Embryos inside placoderms: Austroptyctodus and Materpiscis

Updated June 17, 2022
by moving placoderms down to arandaspids, separating them from ptyctodontids, which remained with catfish and related discoidal chirodontids (Fig 2).

Figure 1. Austroptyctodus and Materpiscis to scale.

Figure 1. Austroptyctodus and Materpiscis to scale.

According to Wikipedia,
Materpiscis (Latin for mother fish) is a genus of ptyctodontid placoderm from the Late Devonian located at the Gogo Formation of Western Australia. Known from only one specimen, it is unique in having an unborn embryo present inside the mother, with remarkable preservation of a mineralised placental feeding structure (umbilical cord). This makes Materpiscis the oldest known vertebrate to show viviparity, or giving birth to live young. The juvenile Materpiscis was about 25 percent of its adult size. Materpiscis would have been about 11 inches (28 cm) long and had powerful crushing tooth plates to grind up its prey, possibly hard shelled invertebrates like clams or corals.”

When added to
the large reptile tree (LRT, 1615+ taxa then, 2116 taxa in 2022) Austroptyctodus (Long, Trinajstic, Young and Senden 2008; Devonian 380 mya, 11cm estimated length) nests with another mild-mannered placoderm with a tall head, Bothriolepis (Fig. 2). Note the use of tetrapod homologs in the renaming of several skull bones. This facilitates the comparison of all vertebrates with other vertebrates.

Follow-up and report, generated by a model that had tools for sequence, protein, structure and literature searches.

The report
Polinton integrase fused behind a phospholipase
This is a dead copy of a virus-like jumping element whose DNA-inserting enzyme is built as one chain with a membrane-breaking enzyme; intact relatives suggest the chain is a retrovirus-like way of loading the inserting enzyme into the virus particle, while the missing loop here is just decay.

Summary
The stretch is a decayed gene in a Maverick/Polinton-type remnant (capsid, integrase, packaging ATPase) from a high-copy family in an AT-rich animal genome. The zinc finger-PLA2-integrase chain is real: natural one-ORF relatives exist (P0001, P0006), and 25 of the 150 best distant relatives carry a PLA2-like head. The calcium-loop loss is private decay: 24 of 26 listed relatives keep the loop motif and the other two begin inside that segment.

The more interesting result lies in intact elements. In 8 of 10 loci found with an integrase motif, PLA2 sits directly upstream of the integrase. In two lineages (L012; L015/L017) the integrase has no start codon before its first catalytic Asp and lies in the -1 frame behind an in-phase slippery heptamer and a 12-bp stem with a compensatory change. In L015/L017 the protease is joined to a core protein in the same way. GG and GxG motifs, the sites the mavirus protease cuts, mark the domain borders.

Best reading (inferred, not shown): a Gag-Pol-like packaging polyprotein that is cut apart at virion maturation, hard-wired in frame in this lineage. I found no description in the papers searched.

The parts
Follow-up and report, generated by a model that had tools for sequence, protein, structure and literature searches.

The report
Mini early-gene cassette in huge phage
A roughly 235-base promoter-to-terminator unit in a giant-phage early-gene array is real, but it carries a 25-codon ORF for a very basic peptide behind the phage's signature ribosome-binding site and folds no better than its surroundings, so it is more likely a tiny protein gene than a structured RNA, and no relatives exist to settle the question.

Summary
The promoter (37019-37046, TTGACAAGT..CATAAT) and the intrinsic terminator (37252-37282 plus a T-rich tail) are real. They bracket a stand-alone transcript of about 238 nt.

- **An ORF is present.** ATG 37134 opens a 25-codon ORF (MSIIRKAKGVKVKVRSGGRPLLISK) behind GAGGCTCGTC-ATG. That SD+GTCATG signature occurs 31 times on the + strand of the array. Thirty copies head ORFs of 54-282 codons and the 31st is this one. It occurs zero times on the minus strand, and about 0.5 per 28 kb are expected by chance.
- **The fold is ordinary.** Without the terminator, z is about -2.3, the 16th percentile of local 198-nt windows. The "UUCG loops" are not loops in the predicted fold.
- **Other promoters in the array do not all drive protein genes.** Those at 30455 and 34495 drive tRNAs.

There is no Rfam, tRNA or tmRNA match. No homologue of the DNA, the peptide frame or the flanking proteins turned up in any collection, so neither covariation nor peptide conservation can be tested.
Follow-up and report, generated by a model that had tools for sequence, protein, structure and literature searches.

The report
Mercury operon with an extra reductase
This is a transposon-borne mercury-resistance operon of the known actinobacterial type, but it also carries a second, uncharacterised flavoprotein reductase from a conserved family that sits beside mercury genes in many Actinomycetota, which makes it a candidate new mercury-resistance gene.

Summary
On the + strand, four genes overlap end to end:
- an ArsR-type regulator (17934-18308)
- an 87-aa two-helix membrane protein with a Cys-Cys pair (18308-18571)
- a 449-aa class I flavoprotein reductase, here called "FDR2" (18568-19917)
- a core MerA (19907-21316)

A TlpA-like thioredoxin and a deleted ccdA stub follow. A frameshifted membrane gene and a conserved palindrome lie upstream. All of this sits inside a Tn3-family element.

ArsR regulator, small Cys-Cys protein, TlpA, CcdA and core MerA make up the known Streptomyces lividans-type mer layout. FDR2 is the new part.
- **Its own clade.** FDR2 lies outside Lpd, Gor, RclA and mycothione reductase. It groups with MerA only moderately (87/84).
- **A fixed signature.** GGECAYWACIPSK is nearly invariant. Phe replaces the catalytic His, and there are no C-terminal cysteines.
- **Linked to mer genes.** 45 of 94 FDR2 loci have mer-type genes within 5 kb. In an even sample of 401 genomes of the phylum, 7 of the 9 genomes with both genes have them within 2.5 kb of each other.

Figure 1. The evolution of Ptyctodontida in the LRT illustrated to scale. Here Robustichthys is basal to a Cheirodus clade and a Materpiscis clade.

Figure 2. The evolution of Ptyctodontida in the LRT illustrated to scale. Here Robustichthys is basal to a Cheirodus clade and a Materpiscis clade.

Wikipedia reports,
“The ptyctodontid fishes are the only group of placoderms to display sexual dimorphism, where males have clasping organs and females have smooth pelvic fin bases. It had long been suspected that they reproduced using internal fertilisation, but finding fossilised embryos inside both Materpiscis and in a similar form also from Gogo, Austroptyctodus, proved the deduction was true.”

Some videos about Materpiscis attenboroughi

Austroptyctodus gardineri (originally Ctenurella (Miles and Young 1977; Long 1997; Late Devonian) appears to be toothless in the illustration above, but had tooth plates. Bones are relabeled here with tetrapod homologs. Distinct from relatives, Austroptyctodus had a conjoined upper and lateral temporal fenestra, an antorbital fenestra, and fused temporal bones. One specimen is pregnant with three embryos inside, indicating another example of internal fertilization.

Materpiscis attenboroughi (Long, Trinjstic, Young and Senden 2008; Late Devonian; 28cm long est.) is similar to Austroptyctodus and includes a single embryo one-fourth the size of the adult, likely indicating viviparity. Note the ratfish (Chimaera)-like appearance of this placoderm, by convergence.

Long JA 1997. Ptyctodontid fishes from the Late Devonian Gogo Formation, Western Australia, with a revision of the German genus Ctenurella Orvig 1960. Geodiversitas 19: 515-555.
Long JA, Trinajstic K, Young GC and Senden T 2008. Live birth in the Devonian period. Nature. 453 (7195): 650–652. doi:10.1038/nature06966